My Mother's Red Ford
Roy Bentley

My Mother's Red Ford

Even now, in some parking lot in the Afterlife,
it starts hard. Burns a quart between oil changes.
Even in the territory of the perfect and redeemed,

it needs new rubber—all four tires—a water pump.
Maybe an alternator. If any Galaxie 500 is a Ford
in this life, then so must it be in the life to come.

It’s fifty years, but I still dream of packing the car
to run away and try our luck in New Mexico: four
adolescents panic-loading food blankets pillows,

the gargantuan trunk brimming with whatever fits.
She let me drive it, but I paid my insurance. Repairs.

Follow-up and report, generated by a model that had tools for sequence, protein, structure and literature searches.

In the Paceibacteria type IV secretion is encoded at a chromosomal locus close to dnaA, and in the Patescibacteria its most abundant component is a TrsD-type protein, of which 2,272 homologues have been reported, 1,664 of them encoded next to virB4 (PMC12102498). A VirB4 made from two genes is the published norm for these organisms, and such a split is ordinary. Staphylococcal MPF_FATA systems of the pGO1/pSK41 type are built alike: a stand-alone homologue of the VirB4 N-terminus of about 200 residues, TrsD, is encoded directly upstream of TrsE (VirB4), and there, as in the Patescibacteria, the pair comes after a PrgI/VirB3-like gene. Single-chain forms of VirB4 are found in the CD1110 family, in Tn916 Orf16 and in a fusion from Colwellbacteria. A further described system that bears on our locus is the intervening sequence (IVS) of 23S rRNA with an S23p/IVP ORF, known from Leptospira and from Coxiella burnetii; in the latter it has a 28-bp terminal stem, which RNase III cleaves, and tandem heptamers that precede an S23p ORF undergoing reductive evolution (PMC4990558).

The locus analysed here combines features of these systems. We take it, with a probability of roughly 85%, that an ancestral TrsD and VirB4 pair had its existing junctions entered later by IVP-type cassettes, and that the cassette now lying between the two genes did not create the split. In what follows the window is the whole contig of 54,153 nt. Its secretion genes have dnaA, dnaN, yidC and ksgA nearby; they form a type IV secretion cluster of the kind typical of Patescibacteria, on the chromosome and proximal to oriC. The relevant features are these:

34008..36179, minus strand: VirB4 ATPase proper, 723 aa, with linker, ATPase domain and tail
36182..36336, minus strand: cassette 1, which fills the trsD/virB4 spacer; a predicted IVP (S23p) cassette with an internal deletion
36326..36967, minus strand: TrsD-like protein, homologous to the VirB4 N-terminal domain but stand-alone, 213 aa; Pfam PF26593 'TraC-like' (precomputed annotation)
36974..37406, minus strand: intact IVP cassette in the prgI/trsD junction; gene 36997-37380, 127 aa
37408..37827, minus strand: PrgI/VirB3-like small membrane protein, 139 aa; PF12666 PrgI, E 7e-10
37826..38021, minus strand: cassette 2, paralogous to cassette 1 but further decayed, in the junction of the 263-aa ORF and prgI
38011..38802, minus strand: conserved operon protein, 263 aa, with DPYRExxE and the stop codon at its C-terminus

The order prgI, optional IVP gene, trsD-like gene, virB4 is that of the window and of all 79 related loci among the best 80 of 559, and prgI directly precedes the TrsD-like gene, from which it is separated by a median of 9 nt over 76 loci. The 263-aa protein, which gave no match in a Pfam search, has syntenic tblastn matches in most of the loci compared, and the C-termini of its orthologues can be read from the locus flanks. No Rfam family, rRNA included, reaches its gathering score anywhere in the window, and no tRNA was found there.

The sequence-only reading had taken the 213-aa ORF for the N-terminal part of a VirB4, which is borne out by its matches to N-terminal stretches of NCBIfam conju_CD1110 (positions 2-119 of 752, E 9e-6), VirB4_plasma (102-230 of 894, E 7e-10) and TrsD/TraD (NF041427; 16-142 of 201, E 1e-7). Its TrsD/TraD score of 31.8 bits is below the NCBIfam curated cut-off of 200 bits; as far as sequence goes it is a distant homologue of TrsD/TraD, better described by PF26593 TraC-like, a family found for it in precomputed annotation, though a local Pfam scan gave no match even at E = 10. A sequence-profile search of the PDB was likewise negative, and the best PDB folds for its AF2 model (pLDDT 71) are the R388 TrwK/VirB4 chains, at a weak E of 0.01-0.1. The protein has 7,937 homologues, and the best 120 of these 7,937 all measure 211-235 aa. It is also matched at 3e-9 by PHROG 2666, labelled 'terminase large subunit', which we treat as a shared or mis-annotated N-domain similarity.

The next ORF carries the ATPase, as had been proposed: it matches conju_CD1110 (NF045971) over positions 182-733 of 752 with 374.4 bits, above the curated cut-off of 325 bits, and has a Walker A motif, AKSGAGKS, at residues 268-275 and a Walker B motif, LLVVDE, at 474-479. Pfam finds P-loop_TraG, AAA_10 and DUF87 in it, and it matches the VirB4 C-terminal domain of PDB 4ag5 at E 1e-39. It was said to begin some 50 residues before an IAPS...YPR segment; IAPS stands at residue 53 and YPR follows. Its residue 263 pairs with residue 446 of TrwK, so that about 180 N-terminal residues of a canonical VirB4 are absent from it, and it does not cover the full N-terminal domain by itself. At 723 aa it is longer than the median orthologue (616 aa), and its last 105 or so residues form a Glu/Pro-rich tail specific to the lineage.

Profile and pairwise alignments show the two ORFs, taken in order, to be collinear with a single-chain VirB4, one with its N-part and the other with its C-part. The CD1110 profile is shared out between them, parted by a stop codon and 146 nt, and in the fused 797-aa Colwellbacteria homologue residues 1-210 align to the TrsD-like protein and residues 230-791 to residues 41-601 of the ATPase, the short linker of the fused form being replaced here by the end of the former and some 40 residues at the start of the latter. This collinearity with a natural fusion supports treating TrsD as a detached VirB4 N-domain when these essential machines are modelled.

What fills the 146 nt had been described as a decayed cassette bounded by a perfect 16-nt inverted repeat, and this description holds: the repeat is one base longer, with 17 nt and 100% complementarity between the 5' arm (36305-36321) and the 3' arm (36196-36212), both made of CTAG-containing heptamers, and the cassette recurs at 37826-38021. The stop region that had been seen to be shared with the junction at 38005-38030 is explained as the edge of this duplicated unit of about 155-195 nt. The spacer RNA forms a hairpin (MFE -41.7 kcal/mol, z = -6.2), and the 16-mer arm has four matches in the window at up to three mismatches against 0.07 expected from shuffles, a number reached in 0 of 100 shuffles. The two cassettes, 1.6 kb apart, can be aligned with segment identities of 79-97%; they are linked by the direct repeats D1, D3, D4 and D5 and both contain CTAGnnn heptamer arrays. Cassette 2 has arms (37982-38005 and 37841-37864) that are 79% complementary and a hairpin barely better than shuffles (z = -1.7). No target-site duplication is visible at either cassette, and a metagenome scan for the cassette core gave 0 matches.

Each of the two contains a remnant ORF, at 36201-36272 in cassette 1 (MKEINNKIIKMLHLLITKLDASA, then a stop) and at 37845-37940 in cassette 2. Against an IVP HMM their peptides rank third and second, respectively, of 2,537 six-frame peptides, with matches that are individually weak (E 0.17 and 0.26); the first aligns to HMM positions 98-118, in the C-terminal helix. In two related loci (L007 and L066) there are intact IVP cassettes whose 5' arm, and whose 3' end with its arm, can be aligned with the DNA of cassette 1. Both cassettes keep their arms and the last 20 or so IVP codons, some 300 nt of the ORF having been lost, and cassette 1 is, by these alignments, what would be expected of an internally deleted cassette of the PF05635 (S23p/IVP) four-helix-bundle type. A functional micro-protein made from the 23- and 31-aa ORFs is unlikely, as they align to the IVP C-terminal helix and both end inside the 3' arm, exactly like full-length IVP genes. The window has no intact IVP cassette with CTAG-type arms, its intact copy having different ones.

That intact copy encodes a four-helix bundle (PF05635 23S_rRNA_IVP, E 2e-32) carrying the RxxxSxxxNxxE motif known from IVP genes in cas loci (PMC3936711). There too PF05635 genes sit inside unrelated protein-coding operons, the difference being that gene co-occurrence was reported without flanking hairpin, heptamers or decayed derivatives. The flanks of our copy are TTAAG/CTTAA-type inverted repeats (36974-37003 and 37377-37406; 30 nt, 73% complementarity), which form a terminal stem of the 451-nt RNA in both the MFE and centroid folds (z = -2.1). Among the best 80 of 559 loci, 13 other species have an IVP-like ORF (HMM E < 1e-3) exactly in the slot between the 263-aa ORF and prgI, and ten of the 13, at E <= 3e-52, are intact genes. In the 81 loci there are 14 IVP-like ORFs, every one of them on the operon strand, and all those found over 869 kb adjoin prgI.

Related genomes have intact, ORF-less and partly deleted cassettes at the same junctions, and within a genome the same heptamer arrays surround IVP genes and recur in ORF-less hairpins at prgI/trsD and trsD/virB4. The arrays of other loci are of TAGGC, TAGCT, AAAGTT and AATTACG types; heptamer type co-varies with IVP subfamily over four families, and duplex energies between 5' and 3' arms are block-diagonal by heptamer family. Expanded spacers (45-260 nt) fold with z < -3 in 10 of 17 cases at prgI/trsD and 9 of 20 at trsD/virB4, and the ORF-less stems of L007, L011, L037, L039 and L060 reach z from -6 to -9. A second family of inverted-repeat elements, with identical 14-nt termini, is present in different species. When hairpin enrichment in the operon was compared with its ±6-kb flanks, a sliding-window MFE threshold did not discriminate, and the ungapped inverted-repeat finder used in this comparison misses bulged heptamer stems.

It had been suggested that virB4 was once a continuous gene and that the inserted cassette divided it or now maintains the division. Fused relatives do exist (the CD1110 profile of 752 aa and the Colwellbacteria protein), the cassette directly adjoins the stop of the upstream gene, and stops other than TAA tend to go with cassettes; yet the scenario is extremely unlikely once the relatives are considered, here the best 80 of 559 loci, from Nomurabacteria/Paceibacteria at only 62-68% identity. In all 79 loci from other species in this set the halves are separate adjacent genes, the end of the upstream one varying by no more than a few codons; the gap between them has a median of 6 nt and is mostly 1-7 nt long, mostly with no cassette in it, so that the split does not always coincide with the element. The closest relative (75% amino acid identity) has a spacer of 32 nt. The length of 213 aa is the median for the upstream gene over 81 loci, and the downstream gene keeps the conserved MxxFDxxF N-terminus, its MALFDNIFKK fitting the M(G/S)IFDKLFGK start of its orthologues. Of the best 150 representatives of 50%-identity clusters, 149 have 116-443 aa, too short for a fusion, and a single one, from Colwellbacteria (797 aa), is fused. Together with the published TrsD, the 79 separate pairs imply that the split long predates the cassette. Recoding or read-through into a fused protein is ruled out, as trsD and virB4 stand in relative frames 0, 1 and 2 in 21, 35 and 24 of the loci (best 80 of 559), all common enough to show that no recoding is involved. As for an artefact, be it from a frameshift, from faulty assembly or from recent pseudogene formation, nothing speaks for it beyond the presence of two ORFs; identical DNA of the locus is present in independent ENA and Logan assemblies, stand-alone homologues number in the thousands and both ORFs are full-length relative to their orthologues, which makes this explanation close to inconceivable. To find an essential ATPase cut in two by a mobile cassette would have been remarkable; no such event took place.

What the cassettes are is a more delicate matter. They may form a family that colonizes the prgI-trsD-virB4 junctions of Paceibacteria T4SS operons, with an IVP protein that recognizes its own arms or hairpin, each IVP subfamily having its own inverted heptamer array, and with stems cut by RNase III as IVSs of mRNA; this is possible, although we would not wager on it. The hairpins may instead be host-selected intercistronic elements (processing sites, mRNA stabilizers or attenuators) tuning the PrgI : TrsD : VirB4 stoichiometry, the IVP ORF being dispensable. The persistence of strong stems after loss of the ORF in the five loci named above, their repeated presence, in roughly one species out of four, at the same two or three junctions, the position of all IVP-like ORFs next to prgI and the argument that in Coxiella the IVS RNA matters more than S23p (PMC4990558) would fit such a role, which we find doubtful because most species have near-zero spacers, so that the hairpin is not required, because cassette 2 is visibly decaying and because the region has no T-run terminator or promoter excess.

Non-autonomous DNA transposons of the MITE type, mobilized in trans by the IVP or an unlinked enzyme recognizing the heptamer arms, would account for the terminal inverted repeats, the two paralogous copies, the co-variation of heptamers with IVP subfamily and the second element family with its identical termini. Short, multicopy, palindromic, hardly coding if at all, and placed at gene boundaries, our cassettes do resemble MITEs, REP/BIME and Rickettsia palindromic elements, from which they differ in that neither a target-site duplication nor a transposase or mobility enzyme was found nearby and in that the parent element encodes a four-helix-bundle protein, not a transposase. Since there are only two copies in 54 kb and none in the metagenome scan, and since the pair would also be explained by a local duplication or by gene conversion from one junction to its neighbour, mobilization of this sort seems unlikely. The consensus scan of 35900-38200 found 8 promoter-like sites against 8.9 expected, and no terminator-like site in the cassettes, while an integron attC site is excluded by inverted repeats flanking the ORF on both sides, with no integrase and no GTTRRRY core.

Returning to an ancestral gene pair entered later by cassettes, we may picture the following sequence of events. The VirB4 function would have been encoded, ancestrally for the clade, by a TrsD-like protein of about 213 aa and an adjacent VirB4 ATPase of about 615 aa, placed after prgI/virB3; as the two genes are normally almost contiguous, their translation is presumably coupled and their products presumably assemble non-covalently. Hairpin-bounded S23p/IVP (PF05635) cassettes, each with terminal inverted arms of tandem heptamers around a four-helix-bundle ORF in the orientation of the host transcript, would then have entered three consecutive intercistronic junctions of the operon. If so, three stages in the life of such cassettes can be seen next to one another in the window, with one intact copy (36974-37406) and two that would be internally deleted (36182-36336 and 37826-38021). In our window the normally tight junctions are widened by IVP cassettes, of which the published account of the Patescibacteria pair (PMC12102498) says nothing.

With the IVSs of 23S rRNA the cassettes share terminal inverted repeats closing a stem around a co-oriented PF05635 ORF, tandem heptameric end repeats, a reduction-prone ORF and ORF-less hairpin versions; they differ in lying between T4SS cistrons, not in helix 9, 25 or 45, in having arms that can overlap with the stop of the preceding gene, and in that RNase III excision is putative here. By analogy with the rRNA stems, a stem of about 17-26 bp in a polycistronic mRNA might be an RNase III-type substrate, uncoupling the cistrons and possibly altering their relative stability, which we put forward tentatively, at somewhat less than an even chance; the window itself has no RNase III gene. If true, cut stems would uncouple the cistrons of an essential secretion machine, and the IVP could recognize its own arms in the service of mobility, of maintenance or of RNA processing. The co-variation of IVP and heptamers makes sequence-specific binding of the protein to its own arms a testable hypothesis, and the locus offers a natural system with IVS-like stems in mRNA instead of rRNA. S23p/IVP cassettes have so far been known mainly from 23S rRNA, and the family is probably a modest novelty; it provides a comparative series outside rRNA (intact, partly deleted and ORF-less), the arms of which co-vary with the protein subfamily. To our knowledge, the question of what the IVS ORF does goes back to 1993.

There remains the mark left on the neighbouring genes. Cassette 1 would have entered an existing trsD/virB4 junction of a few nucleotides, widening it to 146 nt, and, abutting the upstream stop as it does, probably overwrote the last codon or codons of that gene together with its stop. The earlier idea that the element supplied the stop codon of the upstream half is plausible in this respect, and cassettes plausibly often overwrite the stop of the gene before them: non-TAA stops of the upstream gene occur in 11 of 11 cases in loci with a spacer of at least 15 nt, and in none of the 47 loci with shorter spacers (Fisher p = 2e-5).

My first love and I made out, once, in the front seat

at the drive-in. Big bench seat. Sometimes, now,
I’ll see it, one like it, or think I do, and remember
my mother is another life that’s kicked to the curb,

though it happens to all of us with enough miles
and wear in the wrong places. I like to imagine her
pulling up in that red two-door, hair to her shoulders,

Fats Domino or Nat King Cole or late-Elvis loudly
blaring from the AM radio as proof she’d survived
without a man. I love seeing her behind the wheel,

fast-waving her invitation for me to snap a picture.
Like she isn’t disappointed being one of the dead
as long as she gets to go places in that car of hers.

Roy Bentley

was a finalist for the Miller Williams prize for Walking with Eve in the Loved City and has published seven books, including, most recently, American Loneliness (Lost Horse Press). His poems have appeared in Common Ground Review, New Letters, Shenandoah, Crazyhorse, Blackbird, The Southern Review, Prairie Schooner, and Rattle, among other journals.